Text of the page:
Recently there have been attacks on the validity of the provisions of the Code of Judicial Conduct which govern the actions of judges and judicial candidates, particularly as applied to elections. Without going into detail, those challenges are directed at the statements judicial candidates are permitted to make concerning pending matters in the courts or those matters likely to come before the courts, the matter of political-party affiliation in North Dakota as you know judges are elected on a no-party ballot and attacks on restrictions of direct solicitations of funds by judicial candidates. Our neighboring state, Minnesota, was involved in a case which reached the United States Supreme Court. On remand, it is now pending in the 8th Circuit Court of Appeals which includes our State. Following the decision in the United States Supreme Court, cases in other jurisdictions, primarily federal courts, have called into question various restrictions in the activities of judicial candidates contained in the Code of Judicial Conduct. To some extent these attacks are attacks on judicial independence.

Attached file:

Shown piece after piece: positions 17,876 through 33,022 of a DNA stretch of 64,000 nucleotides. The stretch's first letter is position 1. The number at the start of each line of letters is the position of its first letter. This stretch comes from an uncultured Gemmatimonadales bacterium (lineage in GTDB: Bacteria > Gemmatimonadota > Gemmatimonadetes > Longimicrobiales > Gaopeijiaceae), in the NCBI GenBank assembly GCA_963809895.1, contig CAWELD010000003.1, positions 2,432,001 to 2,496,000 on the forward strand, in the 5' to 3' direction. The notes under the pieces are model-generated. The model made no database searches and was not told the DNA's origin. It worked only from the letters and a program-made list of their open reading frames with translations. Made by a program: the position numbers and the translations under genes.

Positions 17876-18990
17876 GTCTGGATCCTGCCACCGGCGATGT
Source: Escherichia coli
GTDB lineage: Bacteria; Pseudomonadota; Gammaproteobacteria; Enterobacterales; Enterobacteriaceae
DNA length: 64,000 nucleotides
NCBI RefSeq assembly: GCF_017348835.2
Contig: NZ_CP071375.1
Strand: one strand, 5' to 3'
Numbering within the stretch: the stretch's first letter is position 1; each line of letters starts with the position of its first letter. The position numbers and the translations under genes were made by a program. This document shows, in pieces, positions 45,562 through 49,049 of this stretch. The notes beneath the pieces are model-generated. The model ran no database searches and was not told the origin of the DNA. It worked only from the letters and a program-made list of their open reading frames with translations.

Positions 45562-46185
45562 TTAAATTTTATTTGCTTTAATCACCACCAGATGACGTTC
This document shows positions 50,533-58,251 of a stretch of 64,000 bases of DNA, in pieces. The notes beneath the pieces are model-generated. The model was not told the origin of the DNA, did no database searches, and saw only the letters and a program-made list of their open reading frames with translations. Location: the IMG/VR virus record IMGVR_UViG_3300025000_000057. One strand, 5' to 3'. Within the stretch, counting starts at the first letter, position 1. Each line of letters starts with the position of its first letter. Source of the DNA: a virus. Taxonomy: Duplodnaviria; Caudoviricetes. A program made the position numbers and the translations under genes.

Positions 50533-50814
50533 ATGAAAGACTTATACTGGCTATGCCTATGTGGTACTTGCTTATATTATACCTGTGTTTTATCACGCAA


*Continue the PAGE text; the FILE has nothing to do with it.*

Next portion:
Depending on the outcome of some of the litigation, I suggest the State of North Dakota may want to review the method by which we select our judges. While North Dakota judicial elections have been conducted in an exemplary way, as the bar is lowered in other States it inevitably will affect us.
I do not intend these remarks to be alarmist nor to necessarily recommend we change the method of selecting judges. I suggest only that if the outcome of the pending lawsuits is as bleak as some predict, we should review the matter of selection, taking into consideration the realities of those elections. We should consider whether or not our attempts to keep judges as free from bias, actual or perceived, can be maintained in light of the destruction of many of the rules governing judicial elections.
I have no proposals for you, not even a study resolution. I ask only that you keep it in your minds as the litigation unfolds to the end that a future session of the Legislature may be prepared to consider the issues.
For the Record